Impact Systems is prepared to abandon its channel-only business model and go direct if the pressure of a disproportionate market and "lazy" resellers continues to squeeze its bottom line.
Impact is a desktop PC and server products distributor operating in Australia and New Zealand (A/NZ), with some business in the Pacific Islands. It has 4000 reseller partners.
The boutique distributor has not yet committed to the move, but managing director, Peter Agamalis, told ARN he will make a decision in early 2015.
“It is still up in the air,” he said. “I’ve already got the plans to go to market if I was to make that decision. I know exactly what I’m going to do, I know exactly how I’m going to do it, and I know it’s going to upset a lot of people.”
Impact, which is in-part an importer, is confident it will dominate several product segments due to its pricing structure if it were to sell direct.
The idea to switch business model is the outcome of shifts in attitudes and purchasing habits among Impact’s value-added reseller (VAR) partners. According to Agamalis, reluctant resellers are opting for back-to-back product orders rather than maintaining adequate stock to support customers, while many are repeatedly uninterested in acquiring product regardless of the offer tabled by the distributor.
Although Impact is profitable at the moment, Agamalis said it is hard to remain in that position.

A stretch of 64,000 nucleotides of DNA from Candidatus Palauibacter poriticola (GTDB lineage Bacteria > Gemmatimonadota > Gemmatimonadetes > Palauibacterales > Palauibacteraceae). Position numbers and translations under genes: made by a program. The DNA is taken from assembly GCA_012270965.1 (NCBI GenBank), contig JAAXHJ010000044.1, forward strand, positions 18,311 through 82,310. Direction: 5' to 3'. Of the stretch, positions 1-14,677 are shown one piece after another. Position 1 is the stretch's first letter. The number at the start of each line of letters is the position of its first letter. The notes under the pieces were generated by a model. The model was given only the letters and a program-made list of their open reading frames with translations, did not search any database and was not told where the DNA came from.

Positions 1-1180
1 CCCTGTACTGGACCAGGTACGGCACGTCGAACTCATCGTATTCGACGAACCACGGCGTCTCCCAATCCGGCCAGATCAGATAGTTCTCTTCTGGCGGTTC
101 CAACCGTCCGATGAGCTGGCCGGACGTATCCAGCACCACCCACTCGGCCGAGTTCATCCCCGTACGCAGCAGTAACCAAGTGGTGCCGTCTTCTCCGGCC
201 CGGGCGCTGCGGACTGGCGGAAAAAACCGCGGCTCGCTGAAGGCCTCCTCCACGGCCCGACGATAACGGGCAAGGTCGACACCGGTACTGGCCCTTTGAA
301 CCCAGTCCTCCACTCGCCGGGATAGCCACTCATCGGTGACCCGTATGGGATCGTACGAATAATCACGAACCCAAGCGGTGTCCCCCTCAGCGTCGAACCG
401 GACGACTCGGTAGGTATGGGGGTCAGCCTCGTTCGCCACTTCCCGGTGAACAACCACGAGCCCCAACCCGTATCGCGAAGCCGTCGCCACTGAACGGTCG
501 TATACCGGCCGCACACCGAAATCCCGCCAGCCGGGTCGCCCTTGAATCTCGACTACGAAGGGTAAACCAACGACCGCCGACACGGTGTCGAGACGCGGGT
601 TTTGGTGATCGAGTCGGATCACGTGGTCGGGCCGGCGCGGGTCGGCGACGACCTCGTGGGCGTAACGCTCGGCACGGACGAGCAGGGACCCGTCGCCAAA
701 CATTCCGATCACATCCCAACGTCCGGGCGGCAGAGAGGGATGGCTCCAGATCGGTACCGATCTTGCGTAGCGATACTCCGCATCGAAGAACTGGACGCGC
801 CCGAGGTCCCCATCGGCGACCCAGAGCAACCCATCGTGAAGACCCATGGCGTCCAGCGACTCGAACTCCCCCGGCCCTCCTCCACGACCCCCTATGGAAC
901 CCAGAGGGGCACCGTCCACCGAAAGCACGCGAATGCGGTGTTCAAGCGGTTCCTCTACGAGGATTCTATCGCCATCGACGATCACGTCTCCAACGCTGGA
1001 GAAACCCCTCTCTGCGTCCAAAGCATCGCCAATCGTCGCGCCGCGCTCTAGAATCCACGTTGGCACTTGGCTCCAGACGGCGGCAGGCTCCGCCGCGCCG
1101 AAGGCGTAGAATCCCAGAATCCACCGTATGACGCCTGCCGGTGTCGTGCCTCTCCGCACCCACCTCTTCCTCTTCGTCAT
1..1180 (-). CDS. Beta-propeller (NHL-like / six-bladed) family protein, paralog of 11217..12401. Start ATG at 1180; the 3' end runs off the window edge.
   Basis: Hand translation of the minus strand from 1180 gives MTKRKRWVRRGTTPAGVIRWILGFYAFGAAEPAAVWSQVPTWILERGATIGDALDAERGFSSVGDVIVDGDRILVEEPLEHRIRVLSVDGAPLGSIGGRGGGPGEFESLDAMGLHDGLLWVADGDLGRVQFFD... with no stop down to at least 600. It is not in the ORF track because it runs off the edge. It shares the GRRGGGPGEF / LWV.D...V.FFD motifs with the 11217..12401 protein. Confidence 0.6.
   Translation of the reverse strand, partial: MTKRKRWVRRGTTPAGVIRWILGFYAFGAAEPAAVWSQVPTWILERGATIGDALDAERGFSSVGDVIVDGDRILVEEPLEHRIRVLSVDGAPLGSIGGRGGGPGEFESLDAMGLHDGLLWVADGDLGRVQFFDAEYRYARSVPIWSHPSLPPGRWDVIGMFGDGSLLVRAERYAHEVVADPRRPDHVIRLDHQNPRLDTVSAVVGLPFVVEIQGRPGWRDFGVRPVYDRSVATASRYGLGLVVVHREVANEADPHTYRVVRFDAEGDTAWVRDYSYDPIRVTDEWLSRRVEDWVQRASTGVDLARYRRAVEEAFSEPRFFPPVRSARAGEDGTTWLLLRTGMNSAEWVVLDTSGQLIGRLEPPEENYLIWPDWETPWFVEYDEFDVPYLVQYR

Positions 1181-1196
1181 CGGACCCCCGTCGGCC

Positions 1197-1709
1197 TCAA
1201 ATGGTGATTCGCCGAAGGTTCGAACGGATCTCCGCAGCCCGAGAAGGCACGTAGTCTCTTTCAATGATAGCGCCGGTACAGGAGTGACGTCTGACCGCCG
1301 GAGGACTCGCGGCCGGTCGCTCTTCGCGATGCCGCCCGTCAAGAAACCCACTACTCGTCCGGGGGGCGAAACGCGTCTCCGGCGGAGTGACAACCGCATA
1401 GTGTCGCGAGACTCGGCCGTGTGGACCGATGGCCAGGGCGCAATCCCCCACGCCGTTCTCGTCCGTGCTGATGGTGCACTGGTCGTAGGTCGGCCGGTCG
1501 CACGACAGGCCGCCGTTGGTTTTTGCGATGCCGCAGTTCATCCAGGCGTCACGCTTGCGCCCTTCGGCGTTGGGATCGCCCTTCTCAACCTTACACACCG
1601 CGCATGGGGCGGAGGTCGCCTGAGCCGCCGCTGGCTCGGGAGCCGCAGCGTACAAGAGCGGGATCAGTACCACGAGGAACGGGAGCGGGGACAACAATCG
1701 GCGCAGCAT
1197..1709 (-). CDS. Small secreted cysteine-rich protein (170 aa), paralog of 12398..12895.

“The bottom line is that resellers have become lazy. We have a specific pricing structure that demonstrates our prices against the competition. We have elements – marketing collateral, professional marketing services, services resellers can expand on, and more – that we offer for free to give resellers a value-added experience.”
Using desktop PCs as an example, he said, “Resellers don’t realise that selling a desktop has much broader benefits.
“When you sell a PC to a real estate agent, you can become its service agent to offer further hardware and services. When the customer wants to upgrade, it will go back to the same reseller. It’s about a broader, long-term potential.”
Agamalis said resellers regularly fail to see the long-term opportunities from selling hardware based on assumptions about the PC market and customer spending.
“We offer resellers an entire business opportunity on a platter, and they still say no. What do you do? How are we supposed to survive when resellers aren’t giving us business? The alternative is to go direct. When that day comes, resellers will have themselves to blame.”
But Agamalis does not exclusively blame resellers for the shift in channel culture; he claims the market has become disproportionate because desperate vendors have minimised potential margins for bricks and mortar resellers by opting to either sell direct themselves, or selling to online stores which can resell at closer to cost price and survive. As a result, resellers become disheartened.
“They say, ‘we can’t compete, so why should we bother?’ Before there were so many online players, average resellers were filling up stores.
“Times have changed and it is what it is. Impact is prepared to support the channel with a lot of product, but it has to be reciprocated.”
Amid his frustrations, Agamalis assures he is unwilling to give up and will maintain a channel approach if it remains viable as 2015 nears.